Every once in a while, and seemingly out of the blue, the nation’s heartstrings will be unanimously plucked by an emotionally wrought, melody-driven acoustic single that’s broken ranks from the synth and dance driven Top 40. Tracks such as Passenger’s Let Her Go and Ed Sheeran’s The A Team immediately spring to mind as notable instances of this occurrence. More often than not, after being rinsed by every radio station in the country, that particular song will be tacked onto any emotional bit of TV producers can get their hands on, before sinking into obscurity a few months later. As such, the past three weeks at the number one spot mark the beginning, I’m sure, for Danish pop band Lukas Graham’s turn at providing tear-jerking background music with their twinkly piano ballad 7 Years.
As the previous two entries of this column have pointed out, the song’s premise is simple enough. It nostalgically looks through poignant chapters in the singer’s life using the refrain “Once I was ___ years old”, before culminating in a yearning desire to know what the future holds, complete with overstrained vocals to add emphasis on an otherwise samey melody. 7 Years is an undeniably catchy song and it’s apparent universality speaks on some level to all people, proving you don’t need to overly sexualise lyrics and twerking to get noticed in the charts.
Having said that, after a few listens I was already fairly bored with it. There isn’t a lot more to 7 Years that hasn’t already been said here on Pearshaped. It’s essentially a safe pop melody that’s been packaged as a bittersweet indie/acoustic record. No doubt I’ll be singing along whenever I hear it, but it’s the kind of track next year’s X-Factor hopefuls will already be practising as their heart-wrenching rendition in memory of their dead dad or some other sob story. Knowing the nature of the beast, I expect Lukas Graham will hold their position within the charts for a few weeks yet, until everyone begins to question who is actually still left to buy this and keep it there? If I’m proved wrong, it would be a pleasant surprise.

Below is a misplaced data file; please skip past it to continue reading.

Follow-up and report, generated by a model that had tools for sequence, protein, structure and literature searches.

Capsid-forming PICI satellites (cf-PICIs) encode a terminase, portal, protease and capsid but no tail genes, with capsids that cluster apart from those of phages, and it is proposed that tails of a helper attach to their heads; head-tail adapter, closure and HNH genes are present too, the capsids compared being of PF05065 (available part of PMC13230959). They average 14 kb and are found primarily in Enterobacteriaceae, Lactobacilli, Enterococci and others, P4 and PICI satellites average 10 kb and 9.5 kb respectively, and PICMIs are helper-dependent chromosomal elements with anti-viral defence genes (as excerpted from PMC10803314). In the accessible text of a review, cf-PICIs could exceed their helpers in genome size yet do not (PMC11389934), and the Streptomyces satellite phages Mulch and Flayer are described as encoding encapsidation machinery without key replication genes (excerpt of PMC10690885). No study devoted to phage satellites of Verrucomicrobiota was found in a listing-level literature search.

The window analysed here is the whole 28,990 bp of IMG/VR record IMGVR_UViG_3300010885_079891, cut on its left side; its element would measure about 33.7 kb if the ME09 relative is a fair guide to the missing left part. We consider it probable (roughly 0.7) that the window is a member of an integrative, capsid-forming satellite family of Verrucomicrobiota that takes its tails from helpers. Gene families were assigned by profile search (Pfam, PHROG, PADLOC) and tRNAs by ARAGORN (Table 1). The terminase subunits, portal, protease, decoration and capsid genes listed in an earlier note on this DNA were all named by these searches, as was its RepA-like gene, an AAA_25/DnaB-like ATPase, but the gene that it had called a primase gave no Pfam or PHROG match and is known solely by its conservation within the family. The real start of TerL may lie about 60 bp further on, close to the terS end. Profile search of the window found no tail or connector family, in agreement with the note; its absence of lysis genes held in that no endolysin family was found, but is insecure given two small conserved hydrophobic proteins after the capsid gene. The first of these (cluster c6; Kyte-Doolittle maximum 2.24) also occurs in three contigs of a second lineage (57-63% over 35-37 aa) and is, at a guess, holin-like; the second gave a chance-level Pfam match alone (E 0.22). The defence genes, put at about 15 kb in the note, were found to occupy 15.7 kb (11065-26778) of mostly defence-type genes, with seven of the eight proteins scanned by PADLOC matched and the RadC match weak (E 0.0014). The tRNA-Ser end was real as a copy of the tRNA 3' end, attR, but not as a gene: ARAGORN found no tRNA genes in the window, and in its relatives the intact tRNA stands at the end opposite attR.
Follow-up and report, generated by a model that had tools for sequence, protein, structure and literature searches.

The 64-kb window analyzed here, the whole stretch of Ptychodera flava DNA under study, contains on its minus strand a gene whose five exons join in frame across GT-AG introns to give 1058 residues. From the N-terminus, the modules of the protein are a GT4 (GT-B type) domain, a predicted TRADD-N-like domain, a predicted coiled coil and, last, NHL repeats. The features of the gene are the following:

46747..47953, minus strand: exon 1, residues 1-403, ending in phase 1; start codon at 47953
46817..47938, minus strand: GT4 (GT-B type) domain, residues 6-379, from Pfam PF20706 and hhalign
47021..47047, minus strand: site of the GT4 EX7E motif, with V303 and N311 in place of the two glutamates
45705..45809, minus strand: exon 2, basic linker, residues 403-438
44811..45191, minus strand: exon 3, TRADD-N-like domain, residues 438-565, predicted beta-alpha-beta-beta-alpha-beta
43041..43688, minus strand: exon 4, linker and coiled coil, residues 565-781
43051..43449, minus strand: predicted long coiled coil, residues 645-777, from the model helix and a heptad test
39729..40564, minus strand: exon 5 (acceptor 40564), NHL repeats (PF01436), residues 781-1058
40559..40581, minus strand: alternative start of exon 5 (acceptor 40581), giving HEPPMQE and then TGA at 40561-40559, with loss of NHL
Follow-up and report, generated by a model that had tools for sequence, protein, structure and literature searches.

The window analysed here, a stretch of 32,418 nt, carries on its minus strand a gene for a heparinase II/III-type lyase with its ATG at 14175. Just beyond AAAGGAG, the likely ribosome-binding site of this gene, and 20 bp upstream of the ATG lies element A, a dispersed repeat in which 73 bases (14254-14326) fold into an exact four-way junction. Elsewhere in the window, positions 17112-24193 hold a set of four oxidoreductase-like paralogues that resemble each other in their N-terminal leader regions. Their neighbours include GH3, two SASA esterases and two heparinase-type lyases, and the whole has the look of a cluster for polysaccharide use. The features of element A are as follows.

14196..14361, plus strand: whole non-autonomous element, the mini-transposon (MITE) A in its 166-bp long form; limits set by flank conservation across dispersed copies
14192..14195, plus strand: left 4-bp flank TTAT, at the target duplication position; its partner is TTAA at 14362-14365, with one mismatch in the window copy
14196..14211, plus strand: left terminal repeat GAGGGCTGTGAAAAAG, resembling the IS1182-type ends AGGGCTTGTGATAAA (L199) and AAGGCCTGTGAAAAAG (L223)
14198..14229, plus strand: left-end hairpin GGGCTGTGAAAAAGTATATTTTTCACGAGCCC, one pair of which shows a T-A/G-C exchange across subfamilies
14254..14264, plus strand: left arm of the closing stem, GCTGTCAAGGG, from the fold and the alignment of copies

Turning to look at the rest of the charts, Sia’s Chandelier has crept back in at Number 29, undoubtedly thanks to her recent guest appearance on James Corden’s brilliant Carpool Karaoke series, demonstrating not only an incredible voice but also a bizarre talent for holding eggs on the backs of her hands. Further up, I’m quite pleased to see the summery Lush Life by Zara Larsson (a guilty pleasure of mine) has made it to Number 6. And despite having mentioned a few weeks ago that Rihanna seemed to have miss-timed the release of Work, its position at Number 2 is a welcome sight. While it would have been quite nice to see something more Caribbean-oriented representing the top spot, I feel the track has still gained the recognition it deserves. How Fast Car is still lurking in the Top 3 is still beyond me; I’d much prefer another week of 7 Years at Number 1. Still, I’m just keeping my fingers crossed for Riri!